"Yeah, because you have a responsibility to your own guys to develop them as much as you possibly can. And some guys will have ceilings and some guys aren't even close to their ceilings. They're the ones you're counting on. We have some players that you say ‘hey, they could be really good players, not just okay players, they could be really good.' Some players we have are just going to be okay players. That's what they are. That's what I was. I mean, I wasn't even okay. I would have liked to have been where some of these people are. But I know our responsibility is to take every one of those guys and try to make them the best they could possibly be and to even try to push them past that level and then go get more."

On what he's seen from Justin McCay in practice:

"A big, drastic improvement. I was a little bit concerned in the spring, because to me he looked like just another guy. He looked like another guy, but what happened was he was in the tank about this whole eligibility thing, which we ended up losing out on. But now, his best buddy is (redshirting quarterback) Jake Heaps. I mean, they're tied at the hip. I could understand why there's a rapport there. They might have the best rapport for two guys not playing in the entire country. They're two really good players. I compare them to some of the starters on other teams. I'll say, ‘well, he's a poor man's Justin McCay.' So I obviously think that Justin has made great progress. But in the spring, I couldn't have said that to you, because he just looked to me like he's another guy. And I said ‘where's this guy that I remember watching?' And I would say that to him often. And that's maybe a little different vernacular but I would say that to them all."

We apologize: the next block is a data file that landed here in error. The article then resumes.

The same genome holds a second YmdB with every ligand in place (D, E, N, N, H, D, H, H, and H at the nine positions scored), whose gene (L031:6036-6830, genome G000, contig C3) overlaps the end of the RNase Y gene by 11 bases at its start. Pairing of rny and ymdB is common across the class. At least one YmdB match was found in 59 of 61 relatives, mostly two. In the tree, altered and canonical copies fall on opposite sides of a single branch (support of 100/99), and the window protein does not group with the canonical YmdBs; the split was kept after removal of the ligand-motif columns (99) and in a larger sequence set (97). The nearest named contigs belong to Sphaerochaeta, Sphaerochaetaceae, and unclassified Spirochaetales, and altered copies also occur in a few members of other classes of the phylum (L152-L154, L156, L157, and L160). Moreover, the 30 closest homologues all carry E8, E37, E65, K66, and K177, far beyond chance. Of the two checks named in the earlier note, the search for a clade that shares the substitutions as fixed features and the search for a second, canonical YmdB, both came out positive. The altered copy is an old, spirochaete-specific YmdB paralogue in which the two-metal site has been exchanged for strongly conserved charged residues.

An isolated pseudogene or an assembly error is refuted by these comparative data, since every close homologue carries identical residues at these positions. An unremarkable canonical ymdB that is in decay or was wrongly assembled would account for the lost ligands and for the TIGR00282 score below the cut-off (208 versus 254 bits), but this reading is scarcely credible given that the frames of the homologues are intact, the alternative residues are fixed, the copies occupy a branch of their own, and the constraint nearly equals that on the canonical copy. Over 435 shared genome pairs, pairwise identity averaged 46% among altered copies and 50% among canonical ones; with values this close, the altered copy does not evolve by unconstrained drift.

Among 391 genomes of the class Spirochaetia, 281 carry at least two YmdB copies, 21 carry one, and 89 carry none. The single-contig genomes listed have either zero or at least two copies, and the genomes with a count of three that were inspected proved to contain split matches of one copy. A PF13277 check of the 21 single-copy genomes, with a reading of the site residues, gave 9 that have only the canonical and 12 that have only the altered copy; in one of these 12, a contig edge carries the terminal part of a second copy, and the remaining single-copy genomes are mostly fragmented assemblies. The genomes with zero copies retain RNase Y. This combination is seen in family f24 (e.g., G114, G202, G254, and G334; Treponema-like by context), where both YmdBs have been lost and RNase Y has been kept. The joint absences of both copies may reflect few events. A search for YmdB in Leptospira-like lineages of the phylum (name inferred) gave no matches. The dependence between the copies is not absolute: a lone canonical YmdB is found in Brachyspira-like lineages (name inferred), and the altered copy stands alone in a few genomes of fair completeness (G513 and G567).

On what quarterback Michael Cummings stands to gain from playing this season: